Saturday 25 January 2020

Bible Book:

... for I did not receive it from a human source, nor was I taught it, but I received it through a revelation of Jesus Christ. (v. 12)

Galatians 1:11-24 Saturday 25 January 2020

Psalm: Psalm 67


Today we remember the conversion of Paul, and in today's reading Paul begins with a personal testimony, which continues through chapter two. We know there is a power in testimony when we can articulate an experience of meeting with God that transforms us and leads us onwards in a new life. And we know that this feature of earlier Methodism has been somewhat lost in recent generations. As we read Paul’s testimony, God willing, this challenges us as to how we talk of God in ways that make sense today.

The details of Paul’s life before meeting with Jesus are laid out (vs. 13-24). He has been focussed on serving God as he has understood this. But everything changes when he experiences Jesus. There is a before and an after. We believe the coming of Jesus is the pivotal point in world history, as the BC and AD designation reminded us in a previous era. Jesus is also pivotal in our lives. When we experience God’s grace, love and forgiveness, everything changes. We are new people and life is never the same again. This is what Paul is expressing.

Paul reminds us that our faith is "by revelation from Jesus Christ" (v. 12). It does not come from within us, but beyond us. Often we focus on Scripture as revelation, and so God has revealed truth to us which we now read. That can result in our understanding of revelation being all a bit static and cerebral. But here Paul is talking of Jesus Christ as revelation. The incarnation of Jesus is revelation, the life and ministry of Jesus is revelation, as is the journey to the cross, death, resurrection and ascension. The written revelation in Scripture is in part how we understand God, but revelation is focused in Jesus.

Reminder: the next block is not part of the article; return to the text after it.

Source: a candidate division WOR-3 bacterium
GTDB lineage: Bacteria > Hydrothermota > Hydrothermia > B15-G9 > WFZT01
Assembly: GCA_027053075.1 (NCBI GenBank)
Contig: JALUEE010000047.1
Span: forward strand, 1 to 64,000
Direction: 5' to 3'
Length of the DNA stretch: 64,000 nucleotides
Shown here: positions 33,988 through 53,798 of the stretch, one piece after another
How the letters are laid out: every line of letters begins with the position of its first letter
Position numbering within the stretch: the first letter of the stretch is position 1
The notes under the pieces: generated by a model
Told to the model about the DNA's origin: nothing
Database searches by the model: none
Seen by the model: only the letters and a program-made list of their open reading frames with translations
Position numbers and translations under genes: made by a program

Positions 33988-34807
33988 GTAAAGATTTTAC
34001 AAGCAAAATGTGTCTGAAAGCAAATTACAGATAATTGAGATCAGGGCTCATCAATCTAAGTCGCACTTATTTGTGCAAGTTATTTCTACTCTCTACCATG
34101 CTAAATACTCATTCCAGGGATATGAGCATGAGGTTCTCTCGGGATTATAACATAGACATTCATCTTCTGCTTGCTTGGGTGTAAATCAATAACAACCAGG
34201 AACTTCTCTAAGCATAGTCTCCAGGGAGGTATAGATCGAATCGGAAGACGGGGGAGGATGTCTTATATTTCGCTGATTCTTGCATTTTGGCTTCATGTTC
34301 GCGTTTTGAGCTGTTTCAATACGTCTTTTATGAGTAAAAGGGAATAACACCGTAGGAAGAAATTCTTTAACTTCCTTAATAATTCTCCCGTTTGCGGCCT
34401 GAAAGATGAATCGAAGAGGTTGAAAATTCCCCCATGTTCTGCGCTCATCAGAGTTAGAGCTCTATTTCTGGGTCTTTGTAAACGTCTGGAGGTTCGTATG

To Ponder:

  • When did you last talk about what your faith means to you within the life of our Church? And when have you talked of your faith with those who aren’t part of a Christian Church?
  • Are we keen to really listen to the stories of people who are not Christians, or have rejected the faith they once held?
  • What does ‘revelation’ mean to you? Do we simply receive the truth from God, or do we participate in its reception?
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